Seanad debates

Thursday, 5 May 2022

Nithe i dtosach suíonna - Commencement Matters

Regional Aid

10:30 am

Photo of Damien EnglishDamien English (Meath West, Fine Gael) | Oireachtas source

I thank Senator Wall for tabling this Commencement matter for discussion. I am happy to address it and to explain to him the reasons and the rationale behind this, as well as to discuss what we are doing with working with the local enterprise offices, LEOs, in Kildare.

As the Senator will know, the mid-east regional enterprise plan brings together the three counties of Wicklow, Kildare and Meath, to work together with all the business development agencies, LEOs, local authorities, education systems and chambers of commerce. All of these are involved in promoting counties such as Kildare, Meath and Wicklow in the area of job creation. It is working with existing companies and with new companies coming in. I know that the Senator probably read the committee’s regional enterprise plan. I would encourage him to go through it again so that he can see all of the various actions that are set out within it to help to develop jobs in the sector. He should also look at the plans by Enterprise Ireland and the IDA to bring investment and jobs right throughout the country, hitting all of our counties.

At the outset, it should be pointed out that the regional aid map is decided by the European Commission and not by the Government.In negotiations with the Commission, the Government sought the inclusion of much more of the country. We will do so again at the mid-term review in 2023 when the data from the census are available.

As Senator Wall indicated, it is true that regional aid does not involve any European money or grants and should not be confused with Structural Funds, which Ireland qualified for in the past. Rather, it limits the amount of regional State aid that the Irish Exchequer can provide to certain geographic areas based on specified criteria. That is where the issue arises in regard to Athy in County Kildare in terms of the criteria that are set down by the European Commission.

The regional aid map for every member state must be developed within coverage levels set by the Commission and criteria laid down in the European Commission's regional aid guidelines, issued in April 2021. Ireland's economy has shown strength and improvement since 2014, including Senator Wall's county of Kildare. As a consequence, the European Commission initially proposed to reduce the overall coverage of Ireland's map, as a proportion of total population, to 25.6%. Following intensive negotiations with the Commission, this was increased to 35.9%. Of course, we would like it to be higher, but it was a significant improvement on the proposed 25.6%. This is, however, still a significant reduction of almost one third from the 51.3% which applied previously. This adjustment was part of a European-wide review and Ireland was not unique in facing a reduction in coverage.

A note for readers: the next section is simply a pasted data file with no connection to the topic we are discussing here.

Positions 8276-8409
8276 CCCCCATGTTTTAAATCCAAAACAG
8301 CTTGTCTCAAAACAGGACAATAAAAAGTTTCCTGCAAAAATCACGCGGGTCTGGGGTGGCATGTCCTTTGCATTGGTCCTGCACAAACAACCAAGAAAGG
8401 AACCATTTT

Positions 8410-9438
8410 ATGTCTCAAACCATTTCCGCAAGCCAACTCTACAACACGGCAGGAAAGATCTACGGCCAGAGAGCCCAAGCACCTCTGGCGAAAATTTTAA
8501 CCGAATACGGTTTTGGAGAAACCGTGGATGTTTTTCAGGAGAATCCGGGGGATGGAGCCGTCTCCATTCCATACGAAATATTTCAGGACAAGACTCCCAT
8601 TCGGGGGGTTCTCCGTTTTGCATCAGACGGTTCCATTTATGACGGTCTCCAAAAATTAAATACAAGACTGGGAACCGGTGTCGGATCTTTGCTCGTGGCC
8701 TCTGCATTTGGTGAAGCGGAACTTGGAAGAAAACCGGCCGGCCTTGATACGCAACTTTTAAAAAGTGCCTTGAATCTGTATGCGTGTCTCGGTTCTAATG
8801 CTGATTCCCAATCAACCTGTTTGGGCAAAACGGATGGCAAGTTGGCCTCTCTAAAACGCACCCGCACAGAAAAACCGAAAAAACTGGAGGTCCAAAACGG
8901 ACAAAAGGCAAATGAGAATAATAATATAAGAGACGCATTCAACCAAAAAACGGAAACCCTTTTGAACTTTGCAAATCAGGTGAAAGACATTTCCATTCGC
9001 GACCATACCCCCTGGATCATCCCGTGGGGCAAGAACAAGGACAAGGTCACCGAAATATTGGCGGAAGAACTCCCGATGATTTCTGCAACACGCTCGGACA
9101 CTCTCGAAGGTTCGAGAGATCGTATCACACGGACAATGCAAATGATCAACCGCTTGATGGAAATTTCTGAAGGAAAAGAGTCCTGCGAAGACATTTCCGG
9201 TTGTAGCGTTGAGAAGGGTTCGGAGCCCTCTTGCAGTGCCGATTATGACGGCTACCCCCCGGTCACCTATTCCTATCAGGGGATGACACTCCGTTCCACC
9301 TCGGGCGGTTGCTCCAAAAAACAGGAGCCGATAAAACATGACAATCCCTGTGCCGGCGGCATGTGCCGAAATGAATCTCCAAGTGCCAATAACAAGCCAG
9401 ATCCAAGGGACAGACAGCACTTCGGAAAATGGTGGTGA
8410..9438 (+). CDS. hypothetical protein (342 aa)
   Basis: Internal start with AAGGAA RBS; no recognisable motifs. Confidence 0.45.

With a more limited population coverage, and the strict criteria set by the Commission, it was important that the optimal allocation was achieved. To achieve this, the Department of Enterprise, Trade and Employment, working with stakeholders, including Enterprise Ireland and IDA Ireland, developed a multidimensional model that provided a depth of analysis within the Commission's set criteria. This was an objective and impartial approach, although final approval of the map, for Ireland and for all member states, rested with the European Commission. The Commission announced its decision on 22 March 2022.

It is important to note that areas can only be included on a regional aid map if they meet the Commission's strict criteria. Conformity to the criteria must be supported by socioeconomic data. The criteria must be met for contiguous areas at NUTS 2 or NUTS 3 level. To meet the Commission's criteria for inclusion on the regional aid map, an area needs to have a GDP per capitabelow or equal to the EU-27 average, an unemployment rate above or equal to 115% of the national average, be undergoing major structural change or in serious relative decline. The socioeconomic data available for Kildare indicates that the county does not meet these criteria.

It is important also to recognise that regional aid is only one form of assistance available to enterprises. Only approximately 7.4% of Ireland's state aid is in the form of regional aid. There is still plenty of opportunity to work with other companies that want to bring investment and jobs to the Athy area. Athy can benefit from all other types of state aid that remain available to enterprises, irrespective of their location. We want to be very clear on that.

Senator Wall says he spoke to other companies and interested bodies. I am very happy to engage with them with him. If he wishes, he may bring them to the Department or the development agencies, which are very proactive when it comes to any opportunity to create jobs or investment for any part of the country, and they target various areas as well. From talking to the Minister of State, Deputy Heydon, as well about Kildare in general and Athy, I know that there is every opportunity to create jobs there. Recently, there were some very significant announcements in Athy, and the food hub is very important too. We must build on the success of those announcements and continue to provide jobs in the area as well. I thank Senator Wall for his time.


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